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Use Powershell to clean up last names in a csv file

Posted on 2011-03-23
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Last Modified: 2012-06-27
Looking for a way to clean up the "last name" column in a CSV file. Some last names are fine "Johnson", but others are not; "Johnson P." or "Hicks MD" or "Renegar DDS PA" or "Ashcraft,". The file has several columns that I'm looking to maintain untouched, and output them with the "cleaned" version of the column last name values. So the output should be something like this:

BEFORE:
Number1  Number2         First Name    Last Name
100552      B7BA7153A      Darwin          Hayes
105212      15A1A75CA      Craig          Hicks DDS PC
105216      EA1357313      Charles          Chilcoat PC
105220      3A1C571EA      Gary                  Renegar Dds Pa
105221      99E59A31C      Michael          Ashcraft,

AFTER
Number1  Number2         First Name    Last Name
100552      B7BA7153A      Darwin          Hayes
105212      15A1A75CA      Craig          Hicks
105216      EA1357313      Charles          Chilcoat
105220      3A1C571EA      Gary                  Renegar
105221      99E59A31C      Michael          Ashcraft
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Question by:bndit
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8 Comments
 
LVL 16

Accepted Solution

by:
Dale Harris earned 250 total points
Comment Utility
If you're using a CSV, this should work:

$File = import-csv "Book1.csv"
$File2 = @()
foreach ($line in $File){
$LastName = $line.lastname.split(" ")[0]
$FirstName = $line.firstname
$Number1 = $line.number1
$Number2 = $line.number2
$File2 += "$Number1 $Number2 $Firstname $Lastname"
}

$File2

#This will give you what you want in File2.  You can export it to text or CSV.  But play around with it to see what you have.

HTH,

Dale Harris
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Assisted Solution

by:wls3
wls3 earned 250 total points
Comment Utility
This will automatically handle encoding, input file, output file and delimeters (in case you are not using commas).  There is more that could be added, but, this is a good starting point.

Function CleanCSVFile($filename, $delimeter, $output)
{
    $csv = Import-Csv -Path $filename -Delimiter $delimeter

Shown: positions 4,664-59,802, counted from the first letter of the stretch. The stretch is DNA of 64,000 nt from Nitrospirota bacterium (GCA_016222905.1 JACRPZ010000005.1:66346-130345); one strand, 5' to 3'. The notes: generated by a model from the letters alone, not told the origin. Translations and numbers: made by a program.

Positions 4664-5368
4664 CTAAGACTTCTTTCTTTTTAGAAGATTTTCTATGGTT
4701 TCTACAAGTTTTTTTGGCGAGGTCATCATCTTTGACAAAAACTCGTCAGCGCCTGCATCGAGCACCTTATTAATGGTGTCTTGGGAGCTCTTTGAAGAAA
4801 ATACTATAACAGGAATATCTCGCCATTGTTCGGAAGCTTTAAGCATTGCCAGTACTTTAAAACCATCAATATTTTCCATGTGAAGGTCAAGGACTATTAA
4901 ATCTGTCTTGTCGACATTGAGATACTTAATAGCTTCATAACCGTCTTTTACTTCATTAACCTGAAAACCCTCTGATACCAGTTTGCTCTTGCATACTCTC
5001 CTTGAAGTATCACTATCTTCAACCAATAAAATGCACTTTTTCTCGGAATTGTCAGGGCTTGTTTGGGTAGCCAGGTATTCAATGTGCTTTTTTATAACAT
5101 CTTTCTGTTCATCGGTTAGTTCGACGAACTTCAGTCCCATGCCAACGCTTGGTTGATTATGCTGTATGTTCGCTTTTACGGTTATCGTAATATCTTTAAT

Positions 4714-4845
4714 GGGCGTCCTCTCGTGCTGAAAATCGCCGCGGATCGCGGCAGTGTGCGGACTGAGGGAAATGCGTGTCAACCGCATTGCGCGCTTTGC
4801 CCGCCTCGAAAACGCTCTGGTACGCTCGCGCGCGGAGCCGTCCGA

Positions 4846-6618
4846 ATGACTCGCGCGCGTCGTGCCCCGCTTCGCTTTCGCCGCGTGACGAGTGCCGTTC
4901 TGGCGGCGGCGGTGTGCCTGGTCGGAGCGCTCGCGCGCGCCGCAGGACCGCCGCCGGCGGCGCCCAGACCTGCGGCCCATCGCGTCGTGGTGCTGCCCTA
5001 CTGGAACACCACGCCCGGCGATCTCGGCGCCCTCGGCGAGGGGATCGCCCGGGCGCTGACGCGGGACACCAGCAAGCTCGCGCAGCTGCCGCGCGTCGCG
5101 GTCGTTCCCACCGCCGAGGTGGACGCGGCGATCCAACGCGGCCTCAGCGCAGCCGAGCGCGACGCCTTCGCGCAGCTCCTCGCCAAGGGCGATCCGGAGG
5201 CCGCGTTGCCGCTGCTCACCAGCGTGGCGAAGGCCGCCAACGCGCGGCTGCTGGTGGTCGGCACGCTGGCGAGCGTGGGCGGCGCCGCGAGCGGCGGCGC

$b
    foreach($line in $csv)
    {
        $b += $line.Number1 + "," + $line.Number2 + "," + $line."First Name" + "," + $line."Last Name".Split(" ")[0] + "`n"
    }
    Out-File -FilePath $output -Encoding ASCII -InputObject $b
}

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It can be used like this:
CleanCSVFile "C:\Users\w\Documents\test.csv" "," "C:\Users\w\Documents\testout.csv"

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Expert Comment

by:Dale Harris
Comment Utility
wls3,

I like how you did the $Line."First Name".  I didn't know that would work.  Thanks for the tip.

DH
0
 
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Author Comment

by:bndit
Comment Utility
I'm calling the function as such...but it's failing

CleanCSVFile ('C:\scripts\output\shortHRList.csv',',','C:\scripts\Output\output1.csv')

I'm probably calling it wrong
error.png
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LVL 2

Author Comment

by:bndit
Comment Utility
Ok, false alarm...I wasn't familiar with the way parameters are passed to functions in Powershell..and didn't know that parentheses actually evaluate the values to an expression....I changed my call to this:

CleanCSVFile "C:\scripts\output\shortHRList.csv" "," "C:\scripts\Output\output1.csv"

and it's working...thanks both for your feedback!
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Expert Comment

by:soostibi
Comment Utility
You have to adjust at the import-csv part the path and the delimiter (now it is set to TAB character).
Import-Csv C:\yorfile.csv -Delimiter "`t" | Select-Object number1, number2, "first name", @{n="Last Name"; 
    e = {$_."Last Name" -replace "^(\w+).*",'$1'}}

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Expert Comment

by:soostibi
Comment Utility

Import-Csv C:\yorfile.csv -Delimiter "`t" | Select-Object number1, number2, "first name", @{n="Last Name";   
    e = {$_."Last Name" -replace "^(\w+).*",'$1'}} | export-csv c:\newfile.csv -notypeinformation

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Author Closing Comment

by:bndit
Comment Utility
Good answers.
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